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by Mike Zazaian October 26, 2006 - 4:01pm, 10 Comments

MIT Ups MPG 30 Percent With Ethanol-Injected Engine

A new car engine developed by scientists at the Massachusetts Institute of Technology could boost fuel efficiency by as much as 30 percent with perfectly-timed injections of ethanol into the cylinders.

By suppressing conventional gas combustion within the cylinder with a shot of ethanol, scientists are able to achieve fuel efficiency on par with that of diesel engines. An injection of ethanol will allow a higher compression ratio, the ratio between the volume of the chamber before and after combustion, allowing gas to expand more and release more energy per molecule. The current prototype would situate gasoline and ethanol in separate tanks, mixing ethanol with the gasoline at regular intervals throughout the combustion cycle.

The ethanol boost would also eliminate the loud knocking sound associated with the spontaneous combustion of diesel engines, allowing manufacturers to squeeze both more air and fuel into a cylinder at a given time. The results of which would be an engine that has the quietness and environmental cleanliness of unleaded motors, but the greater efficiency and output of diesel.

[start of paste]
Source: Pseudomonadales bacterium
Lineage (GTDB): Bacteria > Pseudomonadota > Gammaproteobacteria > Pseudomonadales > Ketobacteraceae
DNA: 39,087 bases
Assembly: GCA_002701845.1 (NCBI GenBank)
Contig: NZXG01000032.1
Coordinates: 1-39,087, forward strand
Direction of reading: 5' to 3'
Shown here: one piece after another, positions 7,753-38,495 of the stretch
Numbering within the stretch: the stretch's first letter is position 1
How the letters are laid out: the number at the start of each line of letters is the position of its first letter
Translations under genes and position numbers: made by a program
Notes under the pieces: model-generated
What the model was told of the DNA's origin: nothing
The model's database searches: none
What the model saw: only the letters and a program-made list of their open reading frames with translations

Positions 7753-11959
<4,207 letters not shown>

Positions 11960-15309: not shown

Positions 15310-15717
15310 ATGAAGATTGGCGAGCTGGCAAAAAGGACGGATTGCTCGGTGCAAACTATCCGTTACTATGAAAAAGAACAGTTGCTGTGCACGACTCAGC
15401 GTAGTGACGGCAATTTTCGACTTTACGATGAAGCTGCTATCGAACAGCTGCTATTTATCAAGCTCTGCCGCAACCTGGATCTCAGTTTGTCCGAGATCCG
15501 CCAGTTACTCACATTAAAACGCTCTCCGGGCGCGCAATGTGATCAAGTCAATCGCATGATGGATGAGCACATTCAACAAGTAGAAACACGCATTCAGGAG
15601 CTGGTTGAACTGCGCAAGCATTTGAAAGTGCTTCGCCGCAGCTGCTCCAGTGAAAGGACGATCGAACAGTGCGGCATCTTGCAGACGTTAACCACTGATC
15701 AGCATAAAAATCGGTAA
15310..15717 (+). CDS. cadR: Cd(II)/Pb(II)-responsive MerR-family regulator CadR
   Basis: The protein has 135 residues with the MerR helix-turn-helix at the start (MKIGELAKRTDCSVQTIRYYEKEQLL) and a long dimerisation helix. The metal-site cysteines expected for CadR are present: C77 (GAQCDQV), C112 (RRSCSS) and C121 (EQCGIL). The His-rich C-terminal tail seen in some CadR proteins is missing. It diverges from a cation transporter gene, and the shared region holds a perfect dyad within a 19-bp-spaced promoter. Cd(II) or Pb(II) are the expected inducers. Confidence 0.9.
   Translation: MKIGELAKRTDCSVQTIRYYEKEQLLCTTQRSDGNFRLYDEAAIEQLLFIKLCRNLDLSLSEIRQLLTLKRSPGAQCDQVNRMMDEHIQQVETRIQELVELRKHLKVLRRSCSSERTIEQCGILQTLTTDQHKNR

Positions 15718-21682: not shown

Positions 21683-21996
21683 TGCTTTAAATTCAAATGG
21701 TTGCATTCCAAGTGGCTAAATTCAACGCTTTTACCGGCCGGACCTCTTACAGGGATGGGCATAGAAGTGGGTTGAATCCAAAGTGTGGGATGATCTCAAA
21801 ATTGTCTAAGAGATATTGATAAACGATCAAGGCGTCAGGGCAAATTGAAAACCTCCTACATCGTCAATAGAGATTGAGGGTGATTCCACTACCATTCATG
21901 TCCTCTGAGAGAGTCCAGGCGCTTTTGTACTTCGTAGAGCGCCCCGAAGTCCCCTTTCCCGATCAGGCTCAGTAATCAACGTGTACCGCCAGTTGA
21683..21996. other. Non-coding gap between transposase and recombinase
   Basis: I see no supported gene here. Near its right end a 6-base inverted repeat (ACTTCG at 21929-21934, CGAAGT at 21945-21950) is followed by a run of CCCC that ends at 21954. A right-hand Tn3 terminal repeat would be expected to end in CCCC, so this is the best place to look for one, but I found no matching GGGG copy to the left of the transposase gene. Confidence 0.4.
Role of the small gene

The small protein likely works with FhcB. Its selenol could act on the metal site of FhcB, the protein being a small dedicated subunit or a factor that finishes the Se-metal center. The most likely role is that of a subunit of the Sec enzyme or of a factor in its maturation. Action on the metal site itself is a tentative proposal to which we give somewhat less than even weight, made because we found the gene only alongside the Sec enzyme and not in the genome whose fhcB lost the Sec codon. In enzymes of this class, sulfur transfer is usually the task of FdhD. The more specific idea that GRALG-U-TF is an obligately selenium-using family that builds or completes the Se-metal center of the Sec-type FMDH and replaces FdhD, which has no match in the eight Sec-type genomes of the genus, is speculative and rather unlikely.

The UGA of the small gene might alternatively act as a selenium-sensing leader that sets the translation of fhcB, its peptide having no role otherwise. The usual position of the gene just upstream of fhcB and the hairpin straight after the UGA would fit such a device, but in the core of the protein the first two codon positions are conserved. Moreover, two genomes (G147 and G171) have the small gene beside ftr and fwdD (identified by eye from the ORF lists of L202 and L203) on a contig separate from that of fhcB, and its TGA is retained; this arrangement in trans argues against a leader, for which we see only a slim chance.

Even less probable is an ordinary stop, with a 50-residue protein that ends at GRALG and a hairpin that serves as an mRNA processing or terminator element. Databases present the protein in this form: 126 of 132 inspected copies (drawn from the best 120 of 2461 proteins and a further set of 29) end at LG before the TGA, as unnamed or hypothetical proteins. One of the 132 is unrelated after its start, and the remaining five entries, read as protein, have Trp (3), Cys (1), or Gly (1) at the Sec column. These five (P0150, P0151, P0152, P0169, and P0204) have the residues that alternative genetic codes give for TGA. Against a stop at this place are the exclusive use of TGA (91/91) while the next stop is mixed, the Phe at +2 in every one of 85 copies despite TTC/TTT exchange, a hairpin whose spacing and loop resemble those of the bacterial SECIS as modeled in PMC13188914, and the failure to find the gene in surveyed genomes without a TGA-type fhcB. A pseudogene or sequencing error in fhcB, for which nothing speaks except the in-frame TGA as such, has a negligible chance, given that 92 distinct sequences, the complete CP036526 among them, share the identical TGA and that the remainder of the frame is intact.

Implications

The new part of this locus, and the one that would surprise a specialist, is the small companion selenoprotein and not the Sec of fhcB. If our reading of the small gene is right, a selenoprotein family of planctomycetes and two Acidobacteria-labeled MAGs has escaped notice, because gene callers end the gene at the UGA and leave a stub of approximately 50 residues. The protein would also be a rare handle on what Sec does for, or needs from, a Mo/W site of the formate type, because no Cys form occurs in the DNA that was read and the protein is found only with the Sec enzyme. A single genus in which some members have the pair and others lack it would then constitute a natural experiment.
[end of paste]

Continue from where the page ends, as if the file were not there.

Such an ethanol-pumped engine would also cost significantly less to implement than current hybrid motors, giving significantly better fuel economy for a fraction of the cost. While gas-electric hybrid engines currently add between $3,000 and $5,000 to the cost of a car, the MIT motor would cost only about $1,000 more. MIT’s engine is also only about half the size and weight of a standard engine, increasing performance and leaving more flexibility for car manufacturers in the design process. Said Daniel Cohn, an engineer at MIT’s Plasma Science and Fusion Center:

To actually affect oil consumption, we need to have people want to buy our engine, so our work also emphasizes keeping down the added cost and minimizing any inconvenience to the driver.

Cohn, along with colleagues Leslie Bromberg and John Heywood, has formed Ethanol Boosting Systems, a company aimed at developing the new technology. Ethanol Boosting Systems is currently working alongside Ford to implement the ethanol-injection system in future models.

Via cnet news